The retracting means can be activated by release of an insertion force load placed on the piercing tip during insertion of the piercing tip into a wall of a body cavity with release of the insertion force load activating the retracting means to automatically retract the piercing tip. The insertion force load can comprise a compressive load acting in an axial direction parallel to a longitudinal axis of the trocar tube.
The assembly can include a trocar handle housing, and the trocar obturator can include a shaft having a distal end thereof attached to the piercing tip and a proximal end thereof attached to the trocar handle housing. The retracting means can comprise spring means for biasing the piercing tip in the shielded position, and the member can comprise link means for holding the piercing tip in the cutting position while the insertion force load is placed on the piercing tip. The link means can comprise first and second links, the first link having one end thereof pivotally attached to the proximal end of the shaft and the other end thereof pivotally attached to one end of the second link. The other end of the second link can be pivotally attached to the trocar handle housing such that the links are in a first configuration when the piercing tip is in the cutting position and in a second configuration when the piercing tip is in the shielded position.
The spring means can comprise a spring such as a torsion spring which moves the links into the second configuration when the insertion force load is released. The link means can include a stop means in the trocar handle housing for sustaining the insertion force load which acts axially on the piercing tip. The shaft and the first and second links can be aligned axially to support the insertion force load when the piercing tip is in the cutting position and the piercing tip is pushed against a wall of a body cavity. The first and second links can include abutting surfaces which press against each other when the piercing tip is in the cutting position. For example, the first and second links comprise a single piece of plastic material, and the abutting surfaces can be connected by a bendable section of the plastic material.
The link means can comprise a deformable link which has a first configuration when the piercing tip is in the cutting position and a second configuration when the piercing tip is in the shielded position. The biasing means can comprise a spring which biases the deformable link in the second configuration. The deformable link can include two rigid sections hinged together intermediate opposite ends of the deformable link with the opposite ends of the deformable link being moved closer together when the piercing tip moves to the shielded position.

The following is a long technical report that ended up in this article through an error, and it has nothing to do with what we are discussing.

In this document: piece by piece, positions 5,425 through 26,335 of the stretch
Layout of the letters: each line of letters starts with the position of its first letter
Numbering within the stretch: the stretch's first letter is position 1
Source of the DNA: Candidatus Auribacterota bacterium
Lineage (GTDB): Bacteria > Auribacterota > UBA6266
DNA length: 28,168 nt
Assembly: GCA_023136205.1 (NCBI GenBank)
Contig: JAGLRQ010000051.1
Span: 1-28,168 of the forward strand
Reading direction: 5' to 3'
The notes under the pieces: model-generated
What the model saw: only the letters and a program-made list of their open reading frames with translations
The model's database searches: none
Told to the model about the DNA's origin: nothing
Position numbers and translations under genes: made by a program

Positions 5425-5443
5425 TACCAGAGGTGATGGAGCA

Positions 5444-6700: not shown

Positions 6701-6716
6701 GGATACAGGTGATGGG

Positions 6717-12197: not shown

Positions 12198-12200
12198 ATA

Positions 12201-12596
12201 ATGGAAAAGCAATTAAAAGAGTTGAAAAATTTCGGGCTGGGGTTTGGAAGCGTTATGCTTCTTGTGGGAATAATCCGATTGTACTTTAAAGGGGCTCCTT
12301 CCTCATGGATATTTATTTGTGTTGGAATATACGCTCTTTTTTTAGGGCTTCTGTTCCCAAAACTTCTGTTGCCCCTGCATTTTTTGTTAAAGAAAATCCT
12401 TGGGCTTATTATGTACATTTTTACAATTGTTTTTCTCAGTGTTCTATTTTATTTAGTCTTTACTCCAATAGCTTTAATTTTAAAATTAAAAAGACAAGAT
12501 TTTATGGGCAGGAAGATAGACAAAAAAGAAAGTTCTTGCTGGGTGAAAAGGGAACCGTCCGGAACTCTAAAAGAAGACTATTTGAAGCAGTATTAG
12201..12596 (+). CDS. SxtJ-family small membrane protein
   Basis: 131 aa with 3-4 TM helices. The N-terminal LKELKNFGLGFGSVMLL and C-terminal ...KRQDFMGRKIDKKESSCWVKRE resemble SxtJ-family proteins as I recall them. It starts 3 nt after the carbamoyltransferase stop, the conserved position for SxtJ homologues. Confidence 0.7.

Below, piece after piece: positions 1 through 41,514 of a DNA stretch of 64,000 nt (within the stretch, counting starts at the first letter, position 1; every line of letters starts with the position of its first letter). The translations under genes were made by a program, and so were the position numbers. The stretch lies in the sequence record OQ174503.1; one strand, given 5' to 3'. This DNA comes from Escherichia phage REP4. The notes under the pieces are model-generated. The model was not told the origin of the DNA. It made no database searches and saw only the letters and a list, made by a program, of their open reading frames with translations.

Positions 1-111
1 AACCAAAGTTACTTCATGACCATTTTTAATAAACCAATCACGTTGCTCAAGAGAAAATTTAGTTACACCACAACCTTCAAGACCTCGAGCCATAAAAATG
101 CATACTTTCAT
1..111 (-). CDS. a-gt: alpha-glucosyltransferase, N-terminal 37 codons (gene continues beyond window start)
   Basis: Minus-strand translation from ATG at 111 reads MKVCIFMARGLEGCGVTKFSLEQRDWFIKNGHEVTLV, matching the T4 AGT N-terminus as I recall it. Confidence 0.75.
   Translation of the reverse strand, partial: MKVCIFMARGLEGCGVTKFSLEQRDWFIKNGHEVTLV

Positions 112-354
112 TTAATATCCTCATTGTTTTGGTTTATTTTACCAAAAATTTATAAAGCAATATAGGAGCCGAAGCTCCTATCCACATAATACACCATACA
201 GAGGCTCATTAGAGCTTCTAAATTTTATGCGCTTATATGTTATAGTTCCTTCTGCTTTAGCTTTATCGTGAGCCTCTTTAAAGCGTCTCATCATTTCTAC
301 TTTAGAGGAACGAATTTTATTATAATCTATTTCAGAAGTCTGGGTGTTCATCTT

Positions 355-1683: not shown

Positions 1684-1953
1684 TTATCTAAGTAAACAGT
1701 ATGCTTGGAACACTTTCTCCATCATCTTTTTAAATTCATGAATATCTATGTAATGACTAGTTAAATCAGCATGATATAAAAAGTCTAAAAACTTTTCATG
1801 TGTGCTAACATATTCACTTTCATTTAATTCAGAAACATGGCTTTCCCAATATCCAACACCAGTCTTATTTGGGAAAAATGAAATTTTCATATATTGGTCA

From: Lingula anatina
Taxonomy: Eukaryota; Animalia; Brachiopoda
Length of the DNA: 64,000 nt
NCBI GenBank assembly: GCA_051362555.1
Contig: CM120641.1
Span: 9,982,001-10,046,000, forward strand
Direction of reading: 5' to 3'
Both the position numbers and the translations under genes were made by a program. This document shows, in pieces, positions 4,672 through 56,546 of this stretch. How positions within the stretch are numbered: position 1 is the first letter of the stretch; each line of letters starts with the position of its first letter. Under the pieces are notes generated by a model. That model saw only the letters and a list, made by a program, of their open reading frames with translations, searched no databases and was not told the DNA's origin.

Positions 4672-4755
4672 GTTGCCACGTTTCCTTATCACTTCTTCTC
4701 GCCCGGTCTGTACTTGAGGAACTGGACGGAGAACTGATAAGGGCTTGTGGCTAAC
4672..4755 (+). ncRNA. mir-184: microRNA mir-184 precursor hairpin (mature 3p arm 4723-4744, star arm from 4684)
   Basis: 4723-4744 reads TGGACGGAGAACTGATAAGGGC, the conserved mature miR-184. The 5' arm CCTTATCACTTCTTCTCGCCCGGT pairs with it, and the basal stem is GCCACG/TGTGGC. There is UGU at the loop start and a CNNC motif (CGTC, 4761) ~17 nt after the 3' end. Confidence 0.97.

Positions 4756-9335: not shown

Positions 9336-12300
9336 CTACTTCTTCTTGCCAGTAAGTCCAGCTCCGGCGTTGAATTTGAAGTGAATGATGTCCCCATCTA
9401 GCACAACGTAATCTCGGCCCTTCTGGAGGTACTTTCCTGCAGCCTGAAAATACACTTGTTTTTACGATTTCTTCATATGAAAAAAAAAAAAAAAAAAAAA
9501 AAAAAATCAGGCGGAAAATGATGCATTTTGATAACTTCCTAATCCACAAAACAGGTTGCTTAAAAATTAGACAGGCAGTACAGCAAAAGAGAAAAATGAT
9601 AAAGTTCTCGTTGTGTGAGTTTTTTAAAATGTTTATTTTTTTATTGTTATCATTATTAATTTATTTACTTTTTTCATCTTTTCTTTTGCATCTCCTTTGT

The retracting tip assembly can include latch arm means on one of the links for manually moving the links to the first configuration. The trocar handle housing can also include catch means for holding the latch arm means in an armed position where the piercing tip is in the cutting position. The latch arm means can comprise a latch arm having one end thereof connected to one of the links and the other end thereof extending external to the trocar handle housing. The catch means can comprise a curved slot in the trocar handle housing with the latch arm being movable along the curved slot. The curved slot can terminate in an enlarged opening formed in part by a support surface against which the latch arm presses when the piercing tip is in an armed position. In this way, the piercing tip can be located further outside the distal end of the trocar tube in the armed position than when the piercing tube is in the cutting position. Also, the latch arm will automatically move from the support surface to a position in alignment with the curved slot when the piercing tip is pushed against an object such as a wall of a body cavity.
The trocar handle housing can include a track, and the shaft can include a slider which cooperates with the track to guide the shaft axially along the trocar tube. The spring can comprise a wire having first and second arms extending from a coiled portion of the wire such that the first arm presses against the first link and the second arm presses against the second link. The spring can also comprise a torsion spring which applies a torsional restraining force on the piercing tip. In this case, the spring causes the piercing tip to rotate when the retracting means moves the piercing tip from the cutting position to the shielded position.